Echoes From Forty Eight Years Ago

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If older Americans are uneasy about the man who will occupy of the White House, it may be because the recent election has parallels to the dark aftermath of The Battle of Chicago.

Just a few days ago President Obama closed out his eight years with a heartfelt appeal to preserve our freedoms.  It was delivered to Chicagoans just a few blocks south of Grant Park, marking yet another quadrennial transfer of power.  As it was in 1960s, so it is now: the transition has left millions of Americans with a sense of unease about what comes next.

Though it can be risky to look for historical parallels, the coming transition offers the same stark questions of character that surfaced after The Battle of Chicago in Grant Park: a national trauma that contributed to the election of Richard Nixon.

That nadir was the summer in the election year of 1968. Americans were shaken by the impression that the superstructure of our nation-state was beginning to fall away. The stains of the assassination of President Kennedy five years earlier were still sealed into the fabric of the culture and only a preamble for what followed.  Martin Luther King was gunned down in April while organizing a poor people’s campaign in Memphis. Two months later Robert Kennedy was fatally wounded while campaigning in Los Angeles. By August, and against an enveloping sense of doom, there was at least the modest hope of some sort of political redemption as Democrats gathered in the Windy City to stage-manage a presidential nomination. It was supposed to be a celebration of the orderly transfer of national leadership that would finally acknowledge increasing public opposition against the Vietnam War. The conflict had already taken almost 17,000 lives. The nation was not only at war with the North Vietnamese, it was increasingly apparent that it was at war with itself, especially younger Americans who could be conscripted into what many saw as a meaningless conflict. Inside the International Amphitheater near the stockyards the party trudged toward the nomination of Hubert Humphrey. He was to replace a mortally wounded Lyndon Johnson who had dithered his administration into a freefall trying to find an exit from its war policy. Johnson’s attempts at leadership had divided the Democratic Party so badly that it was in the process of incinerating itself.

That would become all too clear on the night of August 28, when hundreds of anti-war activists and many young Democrats were on hand to inadvertently seal the fate of the party. Their goal was to march in front of the Hilton and Blackstone hotels across the street from Grant Park and within earshot of the convention delegates. But they would witness the fury of what an official commission later described as a “police riot.” Some of the activists were troublemakers. Most simply wanted to register their frustration with the inertia that had overtaken the nation.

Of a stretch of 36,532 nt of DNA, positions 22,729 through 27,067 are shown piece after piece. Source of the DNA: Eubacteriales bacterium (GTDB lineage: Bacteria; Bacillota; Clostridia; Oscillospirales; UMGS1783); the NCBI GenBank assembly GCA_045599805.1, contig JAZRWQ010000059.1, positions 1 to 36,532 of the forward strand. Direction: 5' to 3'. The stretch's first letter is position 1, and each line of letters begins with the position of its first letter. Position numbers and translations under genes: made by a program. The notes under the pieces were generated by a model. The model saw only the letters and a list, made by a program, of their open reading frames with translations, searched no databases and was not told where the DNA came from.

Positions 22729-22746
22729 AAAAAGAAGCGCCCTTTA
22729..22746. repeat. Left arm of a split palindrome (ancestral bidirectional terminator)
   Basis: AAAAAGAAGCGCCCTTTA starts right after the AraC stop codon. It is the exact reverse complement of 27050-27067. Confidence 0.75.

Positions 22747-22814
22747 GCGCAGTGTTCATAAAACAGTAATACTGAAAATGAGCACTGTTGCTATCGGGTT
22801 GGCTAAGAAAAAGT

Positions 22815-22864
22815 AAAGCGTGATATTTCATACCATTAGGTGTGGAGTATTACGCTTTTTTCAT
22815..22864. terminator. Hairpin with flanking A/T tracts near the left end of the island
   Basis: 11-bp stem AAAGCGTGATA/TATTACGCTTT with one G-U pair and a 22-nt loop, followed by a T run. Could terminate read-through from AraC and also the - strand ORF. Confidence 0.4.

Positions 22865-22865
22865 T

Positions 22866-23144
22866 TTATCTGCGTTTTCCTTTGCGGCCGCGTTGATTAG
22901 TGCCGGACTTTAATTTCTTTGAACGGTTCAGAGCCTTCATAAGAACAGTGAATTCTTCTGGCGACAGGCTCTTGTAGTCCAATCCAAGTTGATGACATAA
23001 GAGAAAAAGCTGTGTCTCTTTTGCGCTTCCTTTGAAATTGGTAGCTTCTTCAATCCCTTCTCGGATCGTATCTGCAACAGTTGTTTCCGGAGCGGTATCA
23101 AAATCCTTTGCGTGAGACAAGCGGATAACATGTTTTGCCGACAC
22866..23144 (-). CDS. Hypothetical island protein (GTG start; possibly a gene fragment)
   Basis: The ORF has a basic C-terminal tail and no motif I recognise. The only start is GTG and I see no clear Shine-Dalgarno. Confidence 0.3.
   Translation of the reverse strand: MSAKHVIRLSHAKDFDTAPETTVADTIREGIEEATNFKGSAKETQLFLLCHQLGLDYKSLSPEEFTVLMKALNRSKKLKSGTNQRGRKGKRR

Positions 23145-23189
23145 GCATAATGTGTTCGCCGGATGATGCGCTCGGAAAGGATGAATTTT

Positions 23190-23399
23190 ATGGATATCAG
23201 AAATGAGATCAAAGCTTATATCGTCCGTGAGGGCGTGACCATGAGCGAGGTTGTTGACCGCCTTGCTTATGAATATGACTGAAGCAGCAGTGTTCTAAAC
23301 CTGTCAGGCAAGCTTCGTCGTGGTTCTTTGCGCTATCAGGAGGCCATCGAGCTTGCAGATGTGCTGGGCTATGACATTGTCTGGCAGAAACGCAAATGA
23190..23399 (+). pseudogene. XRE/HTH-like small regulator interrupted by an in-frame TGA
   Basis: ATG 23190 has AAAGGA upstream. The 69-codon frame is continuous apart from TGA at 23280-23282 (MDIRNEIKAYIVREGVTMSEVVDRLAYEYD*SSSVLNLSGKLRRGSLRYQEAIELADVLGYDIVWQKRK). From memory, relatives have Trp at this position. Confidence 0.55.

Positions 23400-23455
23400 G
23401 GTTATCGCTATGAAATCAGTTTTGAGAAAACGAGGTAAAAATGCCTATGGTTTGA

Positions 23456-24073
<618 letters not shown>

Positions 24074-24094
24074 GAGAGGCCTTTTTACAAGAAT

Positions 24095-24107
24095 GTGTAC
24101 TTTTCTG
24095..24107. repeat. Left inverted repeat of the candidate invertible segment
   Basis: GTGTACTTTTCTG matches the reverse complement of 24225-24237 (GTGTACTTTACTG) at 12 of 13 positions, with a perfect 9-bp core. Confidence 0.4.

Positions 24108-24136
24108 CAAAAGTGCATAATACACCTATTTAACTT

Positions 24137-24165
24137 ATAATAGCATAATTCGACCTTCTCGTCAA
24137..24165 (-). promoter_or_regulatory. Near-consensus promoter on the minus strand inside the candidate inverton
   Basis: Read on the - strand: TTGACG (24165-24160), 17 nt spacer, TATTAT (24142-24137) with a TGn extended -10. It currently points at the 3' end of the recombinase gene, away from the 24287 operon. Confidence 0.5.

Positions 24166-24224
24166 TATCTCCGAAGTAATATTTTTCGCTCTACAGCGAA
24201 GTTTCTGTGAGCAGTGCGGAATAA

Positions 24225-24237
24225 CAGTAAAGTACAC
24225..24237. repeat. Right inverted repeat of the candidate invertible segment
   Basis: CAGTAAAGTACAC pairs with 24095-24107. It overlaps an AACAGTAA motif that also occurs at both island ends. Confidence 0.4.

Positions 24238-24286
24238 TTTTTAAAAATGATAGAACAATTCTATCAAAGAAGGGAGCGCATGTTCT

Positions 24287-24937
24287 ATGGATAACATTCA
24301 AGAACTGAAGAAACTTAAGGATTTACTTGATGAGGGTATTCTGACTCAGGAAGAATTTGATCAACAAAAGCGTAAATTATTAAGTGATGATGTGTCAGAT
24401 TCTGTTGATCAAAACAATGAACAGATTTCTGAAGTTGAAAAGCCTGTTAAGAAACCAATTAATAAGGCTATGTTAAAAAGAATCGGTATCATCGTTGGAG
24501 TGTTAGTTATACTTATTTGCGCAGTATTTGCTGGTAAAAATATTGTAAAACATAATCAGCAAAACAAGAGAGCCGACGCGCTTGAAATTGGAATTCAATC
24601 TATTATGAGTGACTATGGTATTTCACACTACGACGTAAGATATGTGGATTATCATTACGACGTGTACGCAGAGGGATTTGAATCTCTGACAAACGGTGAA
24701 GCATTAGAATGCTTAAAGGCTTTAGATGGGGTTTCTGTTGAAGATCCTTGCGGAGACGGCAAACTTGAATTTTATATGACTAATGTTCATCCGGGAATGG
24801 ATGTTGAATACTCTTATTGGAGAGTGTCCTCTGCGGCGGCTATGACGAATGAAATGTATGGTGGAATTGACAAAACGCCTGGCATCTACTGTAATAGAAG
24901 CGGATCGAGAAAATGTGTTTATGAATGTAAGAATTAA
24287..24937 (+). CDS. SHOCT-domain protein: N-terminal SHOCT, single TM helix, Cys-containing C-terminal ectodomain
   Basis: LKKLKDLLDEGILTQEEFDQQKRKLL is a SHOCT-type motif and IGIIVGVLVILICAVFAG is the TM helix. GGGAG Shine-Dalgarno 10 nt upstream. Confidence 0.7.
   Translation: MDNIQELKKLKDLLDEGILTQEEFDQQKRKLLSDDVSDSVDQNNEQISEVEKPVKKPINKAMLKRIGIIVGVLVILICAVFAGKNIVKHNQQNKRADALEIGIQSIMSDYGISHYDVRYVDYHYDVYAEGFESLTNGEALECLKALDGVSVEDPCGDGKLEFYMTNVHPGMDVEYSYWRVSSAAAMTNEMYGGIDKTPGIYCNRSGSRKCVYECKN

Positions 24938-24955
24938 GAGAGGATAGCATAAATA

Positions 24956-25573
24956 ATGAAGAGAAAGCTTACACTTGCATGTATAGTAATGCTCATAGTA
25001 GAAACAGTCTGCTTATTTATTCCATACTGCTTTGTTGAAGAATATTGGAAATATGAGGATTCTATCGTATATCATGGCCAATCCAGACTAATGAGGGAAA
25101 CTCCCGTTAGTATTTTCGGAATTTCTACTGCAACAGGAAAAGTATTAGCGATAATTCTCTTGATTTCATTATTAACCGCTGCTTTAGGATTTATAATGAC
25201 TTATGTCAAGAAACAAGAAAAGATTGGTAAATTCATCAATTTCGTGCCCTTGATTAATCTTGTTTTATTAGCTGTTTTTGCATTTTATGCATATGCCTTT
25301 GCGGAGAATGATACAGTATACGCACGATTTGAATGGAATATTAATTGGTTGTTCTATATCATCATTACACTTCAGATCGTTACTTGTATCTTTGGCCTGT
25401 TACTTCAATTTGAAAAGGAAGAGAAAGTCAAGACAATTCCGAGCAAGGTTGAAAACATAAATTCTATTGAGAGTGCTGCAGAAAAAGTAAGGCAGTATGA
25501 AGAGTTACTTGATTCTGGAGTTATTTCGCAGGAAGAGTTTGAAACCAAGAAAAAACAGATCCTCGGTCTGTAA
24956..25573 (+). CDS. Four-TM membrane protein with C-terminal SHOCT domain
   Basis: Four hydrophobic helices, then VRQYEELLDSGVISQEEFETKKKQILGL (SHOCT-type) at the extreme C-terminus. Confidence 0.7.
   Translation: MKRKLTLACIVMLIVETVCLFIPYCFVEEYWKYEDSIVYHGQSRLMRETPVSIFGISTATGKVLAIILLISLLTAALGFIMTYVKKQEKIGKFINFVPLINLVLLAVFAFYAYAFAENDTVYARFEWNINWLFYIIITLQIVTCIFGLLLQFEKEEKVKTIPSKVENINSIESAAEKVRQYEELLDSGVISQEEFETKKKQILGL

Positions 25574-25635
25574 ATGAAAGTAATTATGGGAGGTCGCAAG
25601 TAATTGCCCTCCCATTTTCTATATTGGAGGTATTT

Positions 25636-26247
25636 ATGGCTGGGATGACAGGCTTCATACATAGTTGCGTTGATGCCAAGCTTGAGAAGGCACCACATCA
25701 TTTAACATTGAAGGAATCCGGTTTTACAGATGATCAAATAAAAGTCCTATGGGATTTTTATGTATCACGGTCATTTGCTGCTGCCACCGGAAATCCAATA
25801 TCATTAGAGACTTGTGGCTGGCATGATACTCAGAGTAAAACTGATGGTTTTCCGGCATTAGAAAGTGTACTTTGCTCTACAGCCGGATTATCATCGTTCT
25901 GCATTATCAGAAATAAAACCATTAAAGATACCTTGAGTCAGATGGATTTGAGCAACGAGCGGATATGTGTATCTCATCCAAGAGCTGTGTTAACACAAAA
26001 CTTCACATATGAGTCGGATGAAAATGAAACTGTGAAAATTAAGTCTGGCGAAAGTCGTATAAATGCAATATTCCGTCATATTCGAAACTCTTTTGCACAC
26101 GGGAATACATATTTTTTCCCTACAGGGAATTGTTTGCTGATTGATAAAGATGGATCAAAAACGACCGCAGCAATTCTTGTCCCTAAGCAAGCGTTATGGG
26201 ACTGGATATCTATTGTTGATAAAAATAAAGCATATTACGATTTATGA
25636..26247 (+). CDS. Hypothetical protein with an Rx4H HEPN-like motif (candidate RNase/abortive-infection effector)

The city and the nation had seen police violence many times before. But this bloody battle in the park and surrounding streets settled into the national consciousness as a symptom of a deep and unbridgeable political rupture. It virtually guaranteed that the government would be handed over to the G.O.P. candidate, the  secretive and suspicious Richard Nixon. Nixon was a living paradox who could barely conceal his instincts to vilify his supposed opponents–Jews and the press in particular–and ignore the formal limits of presidential power.

Both Nixon and Trump struggled to overcome the common impression that they were not only tortured personalities, but placeholders for someone better.

Fast forward to today and the epilogue for another chaotic election. President Obama’s farewell address in the same city brings us full circle. As steady and centered leader prepared to depart, an untested victor with another long enemies list and a Nixonian yearning for legitimacy prepared to take over.

Even in 1968 we knew that Nixon’s demons included an ongoing resentment toward the Kennedys, first because of his loss to JFK in 1960, and more generally because the Bostonians were effortlessly likeable. Trump labors under a  more complex but similar burden of insecurity, on display in his nonstop insistence on his greatness, but also heightened by our awareness of the natural grace of his predecessor.

And so the victor feeds our collective discomfort. Even with the formal powers granted by the office, both Nixon and Trump struggled to overcome the common impression that they were not only tortured personalities, but placeholders for someone better.